Back in November my friend Bradley helped me move into a new house, and to repay the favor I offered baked goods (Brad is an avid baker himself). I pulled out The Great Scandinavian Baking Book and handed it over, instructing him to pick anything he wanted and I’d bake it. It didn’t take him long to choose, and he handed the open book back to me and said, “I want that!” He’d chosen lefse, a crepe-like Norwegian potato flatbread.
Baking lefse was kind of a big deal for me – among the Scandinavian-American community lefse has an almost iconic status, often made for Thanksgiving and Christmas and other family-focused holidays. I grew up in North Carolina which is pretty far removed from Scandinavian-American culture, and my family isn’t Scandinavian at all (rather we’re German-American, so I grew up with eierkuchen instead). When I finally took an interest in Scandinavian culture, lefse was one of the first foods I became familiar with, and it was the first traditional Scandinavian baked good I tried. I probably wouldn’t have picked this recipe on my own for quite some time, but I’m really glad that Brad picked it. It turned out to be simpler than I was expecting, and the end result was delicious!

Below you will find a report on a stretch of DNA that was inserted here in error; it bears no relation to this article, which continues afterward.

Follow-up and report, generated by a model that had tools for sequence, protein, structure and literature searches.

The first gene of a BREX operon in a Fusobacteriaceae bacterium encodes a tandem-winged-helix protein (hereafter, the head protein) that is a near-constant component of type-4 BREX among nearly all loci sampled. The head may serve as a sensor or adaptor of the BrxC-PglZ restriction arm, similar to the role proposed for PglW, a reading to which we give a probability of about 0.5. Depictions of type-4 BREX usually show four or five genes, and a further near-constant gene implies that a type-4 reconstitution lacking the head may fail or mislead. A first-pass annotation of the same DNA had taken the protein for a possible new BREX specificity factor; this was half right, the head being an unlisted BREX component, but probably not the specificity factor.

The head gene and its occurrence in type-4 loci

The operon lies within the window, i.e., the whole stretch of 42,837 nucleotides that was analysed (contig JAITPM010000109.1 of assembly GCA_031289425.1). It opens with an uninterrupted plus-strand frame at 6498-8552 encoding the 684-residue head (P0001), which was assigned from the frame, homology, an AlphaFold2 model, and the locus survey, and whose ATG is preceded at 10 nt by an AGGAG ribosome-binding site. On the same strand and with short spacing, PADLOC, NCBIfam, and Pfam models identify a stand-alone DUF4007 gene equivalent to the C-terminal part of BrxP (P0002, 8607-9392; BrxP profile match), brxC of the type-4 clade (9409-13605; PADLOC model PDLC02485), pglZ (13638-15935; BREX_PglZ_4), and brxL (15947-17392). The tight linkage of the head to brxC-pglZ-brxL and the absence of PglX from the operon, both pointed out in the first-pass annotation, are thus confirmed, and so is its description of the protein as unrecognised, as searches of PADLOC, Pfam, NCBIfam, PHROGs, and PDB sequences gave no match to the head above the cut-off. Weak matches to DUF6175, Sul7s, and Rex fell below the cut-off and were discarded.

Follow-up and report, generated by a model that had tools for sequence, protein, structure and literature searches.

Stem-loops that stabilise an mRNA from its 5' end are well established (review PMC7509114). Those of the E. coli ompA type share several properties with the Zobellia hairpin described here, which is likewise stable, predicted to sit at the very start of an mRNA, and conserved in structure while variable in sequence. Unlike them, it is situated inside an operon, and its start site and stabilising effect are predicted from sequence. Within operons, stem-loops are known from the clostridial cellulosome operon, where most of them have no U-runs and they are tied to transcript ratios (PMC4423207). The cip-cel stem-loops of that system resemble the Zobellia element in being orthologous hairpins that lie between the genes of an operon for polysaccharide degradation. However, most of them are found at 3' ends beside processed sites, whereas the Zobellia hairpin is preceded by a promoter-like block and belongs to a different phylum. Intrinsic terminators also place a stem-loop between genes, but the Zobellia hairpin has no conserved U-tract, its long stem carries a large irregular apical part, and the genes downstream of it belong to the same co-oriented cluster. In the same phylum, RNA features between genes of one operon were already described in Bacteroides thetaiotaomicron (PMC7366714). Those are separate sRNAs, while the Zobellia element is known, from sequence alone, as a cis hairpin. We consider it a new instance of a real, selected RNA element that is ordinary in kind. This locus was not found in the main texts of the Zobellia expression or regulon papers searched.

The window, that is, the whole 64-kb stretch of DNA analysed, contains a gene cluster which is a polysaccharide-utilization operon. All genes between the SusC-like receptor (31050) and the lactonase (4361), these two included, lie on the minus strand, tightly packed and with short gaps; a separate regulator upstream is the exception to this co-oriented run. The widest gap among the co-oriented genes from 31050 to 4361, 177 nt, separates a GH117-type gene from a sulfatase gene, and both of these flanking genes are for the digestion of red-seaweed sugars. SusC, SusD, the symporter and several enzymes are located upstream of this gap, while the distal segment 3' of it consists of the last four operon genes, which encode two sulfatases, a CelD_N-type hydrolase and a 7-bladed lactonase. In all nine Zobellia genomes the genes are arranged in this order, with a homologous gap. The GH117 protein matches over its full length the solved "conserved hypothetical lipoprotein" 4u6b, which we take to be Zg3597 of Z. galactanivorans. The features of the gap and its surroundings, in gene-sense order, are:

Baking lefse involves blending your dough ingredients – potatoes, cream, butter, and sugar – and refrigerating them overnight before adding the flour, rolling out the dough and cooking the lefse on a griddle. It calls for a special rolling pin with ridges which helps you roll the dough very thin and adds a pattern to your lefse. I picked one up at Scandinavian Specialties in Ballard. Normally it’s cooked on a special griddle, as well, but I just cooked mine in a pan on the stovetop.
Bradley helped me flip the lefse as I rolled out the dough. Once we had a nice hefty stack of lefse, we finished it off with some butter and cinnamon sugar and rolled them up. This was the first way I was ever served lefse and it’s my favorite way to have it. We brewed some tea and tried not to eat it all at once!
(photo courtesy Brad & his iPhone)
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oh my goodness. When I grew up I had this stuff whenever we had mashed potatoes left over. I just drooled on my keyboard! Great site!